One evening around this time Oyelowo found himself on a flight to Vancouver. Beside him was a man binge-watching Spooks, an old British spy show that had been off the air for years — and on which Oyelowo had a recurring role. Midway through the flight, the man turned to Oyelowo and realized he was one of the spies he was watching on TV. So he decided to ask his advice about an entertainment-biz matter. “He had been approached to finance a movie,” Oyelowo says. “And he wanted to know if I thought it would be a good idea for him to do it.” Not wanting to offer bad counsel, Oyelowo asked if he could read the screenplay, written by a young filmmaker named Ava DuVernay.

The movie was Middle of Nowhere. Oyelowo liked the script enough to ring DuVernay up later to ask for a part — and as it happened, DuVernay already had Oyelowo in mind. A sensation at Sundance in 2012, Middle of Nowhere fortified Oyelowo’s flourishing stature, and more importantly, marked the beginning of what Oyelowo insists “was one of the most creatively exciting and formative moments” of his career. Meeting DuVernay, he’d found a “creative soulmate.” At this time he was acting in films by some of the most illustrious directors in Hollywood. It was DuVernay who impressed him most of all. Her methods spoke to him, in ways he’d never experienced with other directors; she “got things out of me,” he says, “that I didn’t know were there.” The collaboration on Middle of Nowhere was so fruitful that, when Daniels severed his ties with Selma and the project needed a replacement at the helm, Oyelowo knew exactly who it should be.


His recommendation proved fortuitous. Selma was a staggering hit. Oyelowo is extraordinary in the film: he doesn’t so much play Dr. King as wholly embody him, seeming to exude the man’s abiding decency and unflappable poise. So effusive was the praise for his work that an Oscar seemed a given. And so taken for granted was this assumption that when that year’s Oscar nominations were revealed and Oyelowo and DuVernay were overlooked, moviegoers were shocked.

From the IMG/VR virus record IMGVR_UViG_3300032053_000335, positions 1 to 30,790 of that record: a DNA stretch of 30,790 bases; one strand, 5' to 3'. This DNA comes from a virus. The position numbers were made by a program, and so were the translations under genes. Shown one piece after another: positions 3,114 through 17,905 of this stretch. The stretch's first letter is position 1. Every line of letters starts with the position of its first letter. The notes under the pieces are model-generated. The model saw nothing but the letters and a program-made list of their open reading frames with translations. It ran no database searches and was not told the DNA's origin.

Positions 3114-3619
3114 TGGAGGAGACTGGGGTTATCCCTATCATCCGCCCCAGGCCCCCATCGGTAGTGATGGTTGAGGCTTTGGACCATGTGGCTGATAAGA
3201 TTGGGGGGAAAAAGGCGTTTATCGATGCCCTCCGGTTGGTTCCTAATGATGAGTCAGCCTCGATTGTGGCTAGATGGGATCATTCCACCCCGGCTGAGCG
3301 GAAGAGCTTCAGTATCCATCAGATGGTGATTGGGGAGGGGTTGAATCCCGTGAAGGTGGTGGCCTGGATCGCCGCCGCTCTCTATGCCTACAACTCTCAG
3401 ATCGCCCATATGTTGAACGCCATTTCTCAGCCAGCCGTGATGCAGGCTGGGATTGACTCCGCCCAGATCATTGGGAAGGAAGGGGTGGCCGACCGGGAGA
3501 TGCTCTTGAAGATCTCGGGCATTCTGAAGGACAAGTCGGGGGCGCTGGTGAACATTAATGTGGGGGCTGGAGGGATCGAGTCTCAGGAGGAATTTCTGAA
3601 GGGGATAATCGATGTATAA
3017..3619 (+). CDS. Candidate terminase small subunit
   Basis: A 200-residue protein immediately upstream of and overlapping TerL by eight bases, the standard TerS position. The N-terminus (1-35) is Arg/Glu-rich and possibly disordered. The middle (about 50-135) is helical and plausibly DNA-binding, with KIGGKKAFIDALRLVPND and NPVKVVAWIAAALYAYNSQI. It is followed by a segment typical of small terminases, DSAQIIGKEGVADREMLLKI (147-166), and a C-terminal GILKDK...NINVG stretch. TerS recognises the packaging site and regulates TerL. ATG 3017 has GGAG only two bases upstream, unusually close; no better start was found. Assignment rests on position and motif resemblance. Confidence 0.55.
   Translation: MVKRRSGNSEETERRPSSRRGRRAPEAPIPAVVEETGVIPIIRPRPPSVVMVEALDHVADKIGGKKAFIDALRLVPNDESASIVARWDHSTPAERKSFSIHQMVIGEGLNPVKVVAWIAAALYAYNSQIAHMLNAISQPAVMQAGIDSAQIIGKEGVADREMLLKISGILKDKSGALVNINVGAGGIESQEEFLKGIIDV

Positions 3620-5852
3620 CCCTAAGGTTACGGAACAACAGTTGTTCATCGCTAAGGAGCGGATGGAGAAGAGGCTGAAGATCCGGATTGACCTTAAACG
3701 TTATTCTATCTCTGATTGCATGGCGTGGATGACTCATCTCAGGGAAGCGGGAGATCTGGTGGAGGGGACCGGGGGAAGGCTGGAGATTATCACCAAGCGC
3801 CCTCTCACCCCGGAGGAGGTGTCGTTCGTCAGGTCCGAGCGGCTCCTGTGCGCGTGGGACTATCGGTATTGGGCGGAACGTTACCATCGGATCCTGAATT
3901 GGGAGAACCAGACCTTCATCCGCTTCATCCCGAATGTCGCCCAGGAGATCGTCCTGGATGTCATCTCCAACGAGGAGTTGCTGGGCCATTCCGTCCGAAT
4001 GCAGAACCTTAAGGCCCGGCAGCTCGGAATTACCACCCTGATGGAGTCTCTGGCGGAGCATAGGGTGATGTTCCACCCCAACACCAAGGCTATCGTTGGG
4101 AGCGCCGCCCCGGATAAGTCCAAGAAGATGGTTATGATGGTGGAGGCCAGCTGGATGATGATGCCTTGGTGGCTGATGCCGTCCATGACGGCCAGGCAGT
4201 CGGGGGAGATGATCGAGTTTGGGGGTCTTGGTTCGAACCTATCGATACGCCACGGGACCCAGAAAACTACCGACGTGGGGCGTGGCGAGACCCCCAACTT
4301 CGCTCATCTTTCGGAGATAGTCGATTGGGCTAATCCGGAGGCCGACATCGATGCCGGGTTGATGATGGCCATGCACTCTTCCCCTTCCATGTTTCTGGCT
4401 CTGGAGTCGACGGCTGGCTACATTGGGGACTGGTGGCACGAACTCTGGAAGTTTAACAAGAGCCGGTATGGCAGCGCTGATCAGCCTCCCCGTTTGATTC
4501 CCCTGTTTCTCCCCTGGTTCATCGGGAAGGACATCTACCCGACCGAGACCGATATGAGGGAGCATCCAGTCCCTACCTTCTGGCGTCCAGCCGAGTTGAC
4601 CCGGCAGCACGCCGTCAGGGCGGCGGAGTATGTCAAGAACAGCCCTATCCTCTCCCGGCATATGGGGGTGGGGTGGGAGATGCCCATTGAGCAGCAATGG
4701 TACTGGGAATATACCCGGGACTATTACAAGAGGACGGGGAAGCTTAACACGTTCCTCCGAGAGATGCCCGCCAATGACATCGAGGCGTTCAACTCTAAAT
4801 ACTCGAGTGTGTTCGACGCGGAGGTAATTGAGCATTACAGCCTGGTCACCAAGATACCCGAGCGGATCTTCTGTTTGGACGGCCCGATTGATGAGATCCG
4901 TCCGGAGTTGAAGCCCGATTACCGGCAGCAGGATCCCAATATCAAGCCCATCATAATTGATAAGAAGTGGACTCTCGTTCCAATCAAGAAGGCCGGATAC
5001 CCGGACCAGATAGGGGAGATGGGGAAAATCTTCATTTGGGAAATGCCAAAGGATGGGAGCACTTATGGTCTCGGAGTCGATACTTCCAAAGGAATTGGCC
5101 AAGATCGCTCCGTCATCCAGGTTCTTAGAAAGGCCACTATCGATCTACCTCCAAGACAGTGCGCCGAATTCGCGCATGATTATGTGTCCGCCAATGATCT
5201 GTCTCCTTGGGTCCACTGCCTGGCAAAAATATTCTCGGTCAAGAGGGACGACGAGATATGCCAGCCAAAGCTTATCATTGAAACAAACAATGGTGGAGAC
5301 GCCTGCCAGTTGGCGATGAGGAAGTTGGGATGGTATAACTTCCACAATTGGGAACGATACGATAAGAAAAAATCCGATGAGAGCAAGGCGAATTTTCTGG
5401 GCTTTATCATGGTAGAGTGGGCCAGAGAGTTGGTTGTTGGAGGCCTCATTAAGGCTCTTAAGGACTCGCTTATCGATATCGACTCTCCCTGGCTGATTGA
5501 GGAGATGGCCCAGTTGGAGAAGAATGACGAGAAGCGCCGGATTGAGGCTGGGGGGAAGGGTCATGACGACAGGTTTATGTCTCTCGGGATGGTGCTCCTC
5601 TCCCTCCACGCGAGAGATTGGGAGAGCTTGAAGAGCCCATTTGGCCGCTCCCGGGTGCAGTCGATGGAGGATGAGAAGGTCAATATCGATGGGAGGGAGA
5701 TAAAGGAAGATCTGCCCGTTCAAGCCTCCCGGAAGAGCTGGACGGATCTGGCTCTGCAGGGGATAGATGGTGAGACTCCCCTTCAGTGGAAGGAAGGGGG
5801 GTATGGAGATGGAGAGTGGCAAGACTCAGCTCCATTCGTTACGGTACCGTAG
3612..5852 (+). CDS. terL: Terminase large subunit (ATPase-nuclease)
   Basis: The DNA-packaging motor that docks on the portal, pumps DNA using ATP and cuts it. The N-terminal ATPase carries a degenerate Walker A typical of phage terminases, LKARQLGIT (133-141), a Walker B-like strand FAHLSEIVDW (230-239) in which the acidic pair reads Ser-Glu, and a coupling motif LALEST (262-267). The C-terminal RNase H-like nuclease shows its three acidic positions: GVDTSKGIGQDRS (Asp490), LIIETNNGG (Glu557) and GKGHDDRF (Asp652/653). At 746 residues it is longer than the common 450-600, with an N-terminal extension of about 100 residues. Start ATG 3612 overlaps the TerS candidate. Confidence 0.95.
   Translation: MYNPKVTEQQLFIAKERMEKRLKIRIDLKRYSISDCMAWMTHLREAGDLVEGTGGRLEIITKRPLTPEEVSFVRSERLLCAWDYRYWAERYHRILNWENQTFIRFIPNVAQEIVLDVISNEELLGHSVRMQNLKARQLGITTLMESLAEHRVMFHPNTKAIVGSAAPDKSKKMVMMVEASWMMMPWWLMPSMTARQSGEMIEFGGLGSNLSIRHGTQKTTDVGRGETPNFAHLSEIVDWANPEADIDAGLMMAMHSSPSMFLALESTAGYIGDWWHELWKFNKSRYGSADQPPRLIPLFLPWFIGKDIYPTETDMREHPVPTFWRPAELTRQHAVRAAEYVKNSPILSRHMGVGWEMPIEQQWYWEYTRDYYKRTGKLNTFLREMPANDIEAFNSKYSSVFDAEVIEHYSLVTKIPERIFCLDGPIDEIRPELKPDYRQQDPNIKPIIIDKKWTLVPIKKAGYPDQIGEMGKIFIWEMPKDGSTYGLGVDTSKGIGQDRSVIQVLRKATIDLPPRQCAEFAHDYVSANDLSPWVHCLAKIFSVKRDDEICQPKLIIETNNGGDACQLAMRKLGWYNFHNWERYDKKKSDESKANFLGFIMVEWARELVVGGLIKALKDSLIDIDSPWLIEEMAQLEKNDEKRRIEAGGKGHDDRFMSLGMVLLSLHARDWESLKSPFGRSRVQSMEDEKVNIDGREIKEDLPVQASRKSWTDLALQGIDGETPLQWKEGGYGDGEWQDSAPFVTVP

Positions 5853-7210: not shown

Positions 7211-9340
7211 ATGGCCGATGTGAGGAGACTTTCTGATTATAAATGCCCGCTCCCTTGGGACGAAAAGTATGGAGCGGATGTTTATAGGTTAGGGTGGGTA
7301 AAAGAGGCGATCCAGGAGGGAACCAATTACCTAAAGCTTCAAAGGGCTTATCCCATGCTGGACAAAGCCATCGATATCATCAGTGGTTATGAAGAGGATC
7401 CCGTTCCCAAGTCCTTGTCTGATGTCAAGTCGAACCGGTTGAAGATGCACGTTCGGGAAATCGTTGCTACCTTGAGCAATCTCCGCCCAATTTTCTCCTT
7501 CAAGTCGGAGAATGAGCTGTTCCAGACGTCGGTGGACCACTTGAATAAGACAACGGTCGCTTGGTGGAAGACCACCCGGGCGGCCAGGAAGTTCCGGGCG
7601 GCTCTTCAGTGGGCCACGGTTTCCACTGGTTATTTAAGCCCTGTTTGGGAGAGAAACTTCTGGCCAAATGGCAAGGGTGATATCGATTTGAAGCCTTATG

A grassroots campaign emerged on social media, whose participants lambasted the Academy for their obvious racial bias. This hashtag campaign — #OscarsSoWhite — galvanized an institution notorious for its indifference to minority voices, jolting voters out of bone-deep apathy and effecting real change. It was a more lasting victory for Oyelowo and Selma than if he or the film had simply been honoured with trophies. “This was a film about injustice in voting,” he says looking back at Selma and the protest it inspired. “The fact that it recalibrated how Hollywood votes is a beautiful irony.”


Change came swiftly. The Academy inducted leagues of new, diverse members; they encouraged longtime voters, largely old and white, to retire. In the wake of Selma, Moonlight won Best Picture. Get Out and Black Panther were Best Picture nominees. “It really put the Academy’s feet to the fire in terms of representation. It helped change Hollywood, and it’s one of the biggest legacies of the film.” And meanwhile, David Oyelowo has been enjoying the kind of career customarily reserved for men who’ve just been awarded Best Actor.


Of course, if he spends another 40 years acting, Oyelowo will probably still be remembered as the man who played Martin Luther King — a tribute to the calibre of the performance, not his limitations as a performer. Oyelowo has the range for much else besides playing Dr. King. “After Selma, I was offered, and still am offered, a plethora of civil rights stories that basically cover the same terrain,” he says. “Now, as wonderful as it is to know those stories are out there, I don’t think I need to be the guy to tell all of them. I don’t think I need to be the guy to tell any more of them, to be frank.”

His interest going forward is in variety — including, most of all, the kinds of roles he would not have originally been offered. “Some of the best stuff tends to be written with a white male actor in mind,” he says. “Historically, that’s who Hollywood favours — because that’s who the upper echelons of Hollywood is comprised of.” He has overcome the prejudice before: his roles in Gringo, Jack Reacher, and Spooks were written for white actors. So, more recently, were his roles in The Water Man, Come Away, and (obviously) Les Misérables. These didn’t come easily. He campaigned for the opportunities. “I have given my agents a remit to bring me scripts that are not written with me in mind. You have to actively seek out these roles.”


His presence in Les Misérables in particular, he points out, probably would not have happened even five or 10 years ago. Thanks in part to the efforts of people like Oyelowo to fight for representation and pursue parts written for white actors, the old norms are shifting. “I think we all ultimately win by normalizing this stuff,” he says. “I look forward to the day when my kids don’t even realize there was a time when people like them couldn’t see themselves reflected in media.”

Helping to normalize that new reality, he says, is one of the things he’s most proud of. “We have to keep going in there and fighting for it, and keeping people accountable to reflect the actual world we live in.”

Photography: Austin Hargrave
Styling: Evan Simonitsch